Care Requirements

Caring for your Split Leaf Philodendron involves careful attention to its light needs, watering frequency, humidity preferences, temperature range, and soil type & pH preferences.

Each of these factors can greatly impact the growth and overall health of your plant. It’s crucial to understand these needs and provide the appropriate care.

Below, we delve into more detail for each of these care requirements so you can confidently take the best care of your Split Leaf Philodendron.

Understanding and applying this care guide will ensure your plant remains robust, flourishes, and continues to enhance the sense of freshness and beauty in your space.

Light Needs

Split Leaf Philodendron prefers a medium to bright indirect light but can tolerate low light conditions. However, the plant may become leggy and lack the rich color of its leaves if the light is insufficient.

Too much direct sunlight can cause the foliage to burn. Ideal placement would be in a well-lit room, with the plant situated several feet away from the window to avoid direct sun.

But remember, your Philodendron loves bright spaces, so as long as you keep it out of direct sunlight, it can handle a lot of light.

Watering Frequency

Watering frequency plays a crucial role in the health and development of your Split Leaf Philodendron. While it longs for a humid environment, it doesn’t mean you should keep the soil saturated all the time.

This plant prefers evenly moist but well-draining soil. As a rule of thumb, you should wait until the top inch of soil becomes dry before watering again.

Remember, overwatering can lead to root rot, so it’s often better to err on the side of under-watering.

During the winter season, when the plant growth slows, reducing watering frequency is advisable.

Humidity Preferences

Split Leaf Philodendron thrives best in high humidity levels, imitating its original tropical rainforest habitat. Ideally, the humidity should be above 40%.

If you’re growing it indoors especially in dry climate zones, you may need to use a humidifier or place it on a humidity tray. Additionally, regular misting with soft water can help maintain the humidity levels around the plant.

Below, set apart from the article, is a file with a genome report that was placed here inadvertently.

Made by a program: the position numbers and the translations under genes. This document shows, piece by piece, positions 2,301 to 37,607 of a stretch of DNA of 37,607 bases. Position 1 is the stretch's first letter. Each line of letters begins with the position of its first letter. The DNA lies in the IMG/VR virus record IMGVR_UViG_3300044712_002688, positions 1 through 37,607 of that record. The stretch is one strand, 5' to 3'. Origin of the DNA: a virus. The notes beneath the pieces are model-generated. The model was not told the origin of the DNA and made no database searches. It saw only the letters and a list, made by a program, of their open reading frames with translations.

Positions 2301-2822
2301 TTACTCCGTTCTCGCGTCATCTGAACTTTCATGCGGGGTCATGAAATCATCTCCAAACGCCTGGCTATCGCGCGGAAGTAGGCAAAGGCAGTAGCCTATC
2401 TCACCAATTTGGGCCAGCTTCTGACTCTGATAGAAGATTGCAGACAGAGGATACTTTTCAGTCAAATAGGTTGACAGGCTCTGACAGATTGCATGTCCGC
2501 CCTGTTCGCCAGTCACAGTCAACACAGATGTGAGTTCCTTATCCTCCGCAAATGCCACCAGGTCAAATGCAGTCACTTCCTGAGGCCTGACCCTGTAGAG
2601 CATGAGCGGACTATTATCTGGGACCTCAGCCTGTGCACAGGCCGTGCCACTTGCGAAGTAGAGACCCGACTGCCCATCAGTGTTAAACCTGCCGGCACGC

However, be cautious of excessive water as it can lead to fungal diseases. Remember, consistent high humidity rather than intermittent dry and wet periods is more beneficial for your Split Leaf Philodendron.

Temperature Range

Split Leaf Philodendron prefers a consistently warm environment. The optimal temperature range for this species is between 65°F (18°C) and 80°F (27°C).

It can tolerate slight drops below this range but prolonged exposure to cooler temperatures can stunt its growth and lead to leaf dropping.

It’s not frost tolerant and thus should be kept indoors in a controlled temperature environment, particularly in cooler climates.

Any sudden temperature fluctuations can also stress the plant, so avoid placing it near air conditioners, heaters, or drafty windows. With the right temperature, this tropical houseplant can thrive beautifully.

Soil Type & pH Preferences

Split leaf philodendrons prefer well-drained, peaty soils with a pH ranging from 6.0 to 7.0. This plant thrives in nutrient-rich soils that can retain a certain level of moisture without becoming waterlogged.

The ideal soil should be rich in organic matter, providing the nutrients required for growth and maintaining a slightly acidic pH level. If the soil is too alkaline, it hampers the plant’s ability to absorb necessary nutrients, leading to the yellowing of leaves.

Regular testing of soil pH is recommended to maintain the health of a Split leaf philodendron.

Growth & Propagation

The Split Leaf Philodendron showcases a moderate to fast growth rate, particularly during its season of active growth – the warmer months of spring and summer.

It propagates effectively through stem cuttings and air layering. When potting and repotting, ensure to use a roomy container that facilitates growth and carefully manage the root system.

Schedule repotting preferably during the plant’s growth period. It’s crucial to understand the specificities related to each of these aspects to ensure the best growing condition for your Split Leaf Philodendron.

Growth Rate

The Split Leaf Philodendron, known scientifically as Monstera deliciosa, has a moderate to fast growth rate. This tropical plant species can grow several inches within a month, particularly during its growing season in spring and summer.

However, its growth pace might fluctuate based on the care it receives. Adequate indirect sunlight, regulated watering, and proper soil conditions can all enhance your Philodendron’s growth.

Conversely, substandard care may lead to stunted growth. Remember that while it’s exciting to see your plant flourish quickly, controlled growth often leads to a healthier, longer-lived specimen.

Propagation Methods